Bob Hoskins, a British actor whose powerful screen presence earned him a reputation as "the Cockney Cagney" and who, at 5 feet 6 and with a face he likened to a squashed cabbage, gave the short, bald men of the world a reason to swagger, has died. He was 71.
Hoskins, who was diagnosed with Parkinson's disease in 2012, died Tuesday of pneumonia in a hospital, his family said in a statement released by London publicist Clair Dobbs.
The actor was best known for playing tough guys, often with a vein of tenderness threading beneath their violent surface.
At the 1986 Cannes Film Festival, he was named best actor for his work in "Mona Lisa," the story of an ex-con chauffeuring an elegant prostitute around London. He also received an Academy Award nomination for the part.
In Hollywood, he dipped into lighter fare, most famously playing hardboiled private eye Eddie Valiant in "Who Framed Roger Rabbit." The 1988 film, which blended live action and animation, features Valiant (a softie at heart) investigating murders involving cartoon characters and a gang of weasels. He also played the pirate Smee in Steven Spielberg's "Hook" (1991) and a handyman who was Cher's love interest in "Mermaids" (1990).
But his bread and butter were powerful men who made their own rules: Nikita Khrushchev, Benito Mussolini, Manuel Noriega. In "Nixon" (1995), he persuaded director Oliver Stone to let him play FBI chief J. Edgar Hoover in a pink tutu.
Hoskins roamed into more ethereal roles as well. In 2005, he recalled recently playing a pope in a production on Italian TV.
"Being good was murder," he said. "Everything, eventually, has to come from you. I had to find some little grain of goodness, which I strangled to death."
In a statement Wednesday, actress Helen Mirren recalled her co-star in "The Long Good Friday" and other films for "that inimitable energy that seemed like a spectacular firework rocket just as it takes off."
Like his good friend Michael Caine, Hoskins could play Americans "with lethal linguistic accuracy," Champlin wrote, "even though his native conversational tongue is Cockney at its most aitchlessly pure."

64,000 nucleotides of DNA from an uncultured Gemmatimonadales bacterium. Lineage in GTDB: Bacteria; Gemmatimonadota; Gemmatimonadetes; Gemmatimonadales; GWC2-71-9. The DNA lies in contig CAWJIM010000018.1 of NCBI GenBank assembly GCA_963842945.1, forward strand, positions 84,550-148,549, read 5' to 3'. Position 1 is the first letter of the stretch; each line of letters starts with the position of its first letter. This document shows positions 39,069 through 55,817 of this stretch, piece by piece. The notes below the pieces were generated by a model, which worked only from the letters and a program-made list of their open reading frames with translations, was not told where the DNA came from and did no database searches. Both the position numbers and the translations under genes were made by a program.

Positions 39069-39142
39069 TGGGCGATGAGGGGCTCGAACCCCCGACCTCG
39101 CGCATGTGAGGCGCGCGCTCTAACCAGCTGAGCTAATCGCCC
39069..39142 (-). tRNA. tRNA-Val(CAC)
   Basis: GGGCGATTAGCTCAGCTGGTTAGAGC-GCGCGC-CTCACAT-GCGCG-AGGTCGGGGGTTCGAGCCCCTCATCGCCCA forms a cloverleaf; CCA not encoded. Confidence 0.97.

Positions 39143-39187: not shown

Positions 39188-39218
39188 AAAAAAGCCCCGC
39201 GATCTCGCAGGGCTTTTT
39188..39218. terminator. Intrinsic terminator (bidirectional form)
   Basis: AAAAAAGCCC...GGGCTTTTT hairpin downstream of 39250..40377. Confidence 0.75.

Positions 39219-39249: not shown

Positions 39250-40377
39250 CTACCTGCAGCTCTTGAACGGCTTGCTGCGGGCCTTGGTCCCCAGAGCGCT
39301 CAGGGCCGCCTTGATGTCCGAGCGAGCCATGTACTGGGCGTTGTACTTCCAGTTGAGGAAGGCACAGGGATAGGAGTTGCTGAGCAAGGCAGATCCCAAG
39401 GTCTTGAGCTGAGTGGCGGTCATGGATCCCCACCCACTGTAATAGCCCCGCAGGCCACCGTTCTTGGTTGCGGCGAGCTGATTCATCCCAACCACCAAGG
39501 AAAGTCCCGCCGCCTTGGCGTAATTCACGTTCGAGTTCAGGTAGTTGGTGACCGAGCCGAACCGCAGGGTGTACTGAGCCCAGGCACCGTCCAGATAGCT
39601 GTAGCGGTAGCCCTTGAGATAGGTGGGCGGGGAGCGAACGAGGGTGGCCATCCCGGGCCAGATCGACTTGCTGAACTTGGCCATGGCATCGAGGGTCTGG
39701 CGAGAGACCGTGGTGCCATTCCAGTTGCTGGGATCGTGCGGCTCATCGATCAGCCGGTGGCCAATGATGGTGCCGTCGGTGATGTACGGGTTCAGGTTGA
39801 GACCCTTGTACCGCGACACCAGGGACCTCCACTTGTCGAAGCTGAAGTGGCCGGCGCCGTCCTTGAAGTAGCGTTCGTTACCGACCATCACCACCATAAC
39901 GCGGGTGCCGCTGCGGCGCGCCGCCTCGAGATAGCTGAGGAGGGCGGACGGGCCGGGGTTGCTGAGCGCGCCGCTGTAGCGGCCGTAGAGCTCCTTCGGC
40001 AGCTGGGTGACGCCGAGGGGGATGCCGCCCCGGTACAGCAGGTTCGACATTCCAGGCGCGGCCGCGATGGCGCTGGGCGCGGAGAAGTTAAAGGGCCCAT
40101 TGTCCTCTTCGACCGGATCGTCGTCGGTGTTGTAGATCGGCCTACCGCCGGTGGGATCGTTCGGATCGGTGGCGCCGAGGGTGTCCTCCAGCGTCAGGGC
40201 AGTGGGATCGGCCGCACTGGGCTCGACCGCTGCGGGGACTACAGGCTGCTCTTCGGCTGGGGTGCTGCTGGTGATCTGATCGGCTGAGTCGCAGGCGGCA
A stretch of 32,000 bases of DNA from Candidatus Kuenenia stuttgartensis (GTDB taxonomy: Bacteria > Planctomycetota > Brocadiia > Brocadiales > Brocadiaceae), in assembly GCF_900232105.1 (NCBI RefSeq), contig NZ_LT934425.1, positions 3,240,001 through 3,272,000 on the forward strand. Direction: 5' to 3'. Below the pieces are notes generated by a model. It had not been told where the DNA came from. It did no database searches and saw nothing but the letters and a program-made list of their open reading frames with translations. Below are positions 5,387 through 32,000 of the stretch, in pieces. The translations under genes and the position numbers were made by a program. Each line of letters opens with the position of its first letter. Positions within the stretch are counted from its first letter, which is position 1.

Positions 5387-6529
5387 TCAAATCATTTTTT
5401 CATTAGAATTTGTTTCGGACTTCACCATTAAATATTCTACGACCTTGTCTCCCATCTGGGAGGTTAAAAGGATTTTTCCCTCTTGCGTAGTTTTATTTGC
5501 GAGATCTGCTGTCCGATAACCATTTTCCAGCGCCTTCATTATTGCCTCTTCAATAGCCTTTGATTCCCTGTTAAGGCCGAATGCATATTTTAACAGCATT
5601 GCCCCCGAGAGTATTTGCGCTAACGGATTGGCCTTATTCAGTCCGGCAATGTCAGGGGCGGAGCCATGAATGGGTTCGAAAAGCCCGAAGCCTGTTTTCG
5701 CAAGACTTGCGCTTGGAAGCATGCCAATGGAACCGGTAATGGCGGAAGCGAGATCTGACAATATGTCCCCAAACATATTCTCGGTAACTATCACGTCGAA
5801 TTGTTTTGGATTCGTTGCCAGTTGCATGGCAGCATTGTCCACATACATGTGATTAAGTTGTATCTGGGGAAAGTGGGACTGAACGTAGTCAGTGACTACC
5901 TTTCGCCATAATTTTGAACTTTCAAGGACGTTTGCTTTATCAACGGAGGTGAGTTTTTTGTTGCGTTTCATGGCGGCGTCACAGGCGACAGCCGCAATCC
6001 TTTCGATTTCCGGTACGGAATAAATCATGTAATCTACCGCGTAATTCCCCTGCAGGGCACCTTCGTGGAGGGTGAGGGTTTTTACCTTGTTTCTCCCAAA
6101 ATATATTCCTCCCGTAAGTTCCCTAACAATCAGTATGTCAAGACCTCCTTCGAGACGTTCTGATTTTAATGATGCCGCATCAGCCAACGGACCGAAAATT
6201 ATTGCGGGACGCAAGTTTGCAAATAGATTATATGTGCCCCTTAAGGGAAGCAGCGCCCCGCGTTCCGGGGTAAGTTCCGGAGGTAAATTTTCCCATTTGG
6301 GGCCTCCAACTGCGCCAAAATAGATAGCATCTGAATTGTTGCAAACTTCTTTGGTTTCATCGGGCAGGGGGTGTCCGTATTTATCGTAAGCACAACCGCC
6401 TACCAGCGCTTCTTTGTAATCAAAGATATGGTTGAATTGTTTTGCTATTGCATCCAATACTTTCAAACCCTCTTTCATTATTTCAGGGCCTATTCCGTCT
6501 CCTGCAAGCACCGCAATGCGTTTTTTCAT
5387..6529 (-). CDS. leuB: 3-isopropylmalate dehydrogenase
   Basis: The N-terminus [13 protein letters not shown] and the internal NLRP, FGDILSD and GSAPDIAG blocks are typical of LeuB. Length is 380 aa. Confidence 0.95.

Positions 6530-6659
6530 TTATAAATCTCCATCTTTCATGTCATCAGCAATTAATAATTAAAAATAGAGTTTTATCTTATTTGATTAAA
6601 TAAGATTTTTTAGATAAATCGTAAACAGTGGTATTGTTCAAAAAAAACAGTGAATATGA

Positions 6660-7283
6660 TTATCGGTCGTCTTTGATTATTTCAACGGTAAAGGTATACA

Wherever his acting took him, Hoskins reveled in his working-class roots.
"There was a time when people said, 'You've got to speak like you don't, walk like you don't, be like you aren't," he told the New York Times in 1982. "I said, 'Ere, 'ang on, who am I? I'd be lost if I did that. I'd be disappearing. I'd be ectoplasm!"
Born Oct. 26, 1942, in the English village of Bury St. Edmunds, Robert William Hoskins was the only child of a bookkeeper and a nursery school teacher. At 15, he dropped out of school and took odd jobs — including, he said, fire-eating at a circus. He also took accounting classes and when he got word of qualifying for a credential, his heart sank.
"I was halfway toward being what I hated," he once told an interviewer.
After more wandering — he did brief stints as a plumber's mate on a Norwegian ship and as a kibbutznik in Israel — he wound up back in London, accompanying a pal to a theater where he had a job painting scenery.
As Hoskins explained many times, he was drinking at the theater bar when someone called him upstairs for an audition and plunked a script in his hands. Without even intending to, he got a part in a 1968 amateur production called "Featherpluckers."
Working in local and regional theater, Hoskins drew national attention with his role as an amoral and imaginative sheet-music salesman in the 1978 BBC miniseries "Pennies From Heaven."
Two years later, his first major film — "The Long Good Friday" — became an instant gangster classic, telling the story of a London underworld figure who hung reluctant informants on the tips of meat hooks.
One of his character's speeches — a rant directed at two corporate-style U.S. hoodlums — is still famous: "What I'm looking for," Hoskins seethed, "is someone who can contribute to what England has given to the world: culture, sophistication, genius. A little bit more than an 'ot dog, know what I mean?"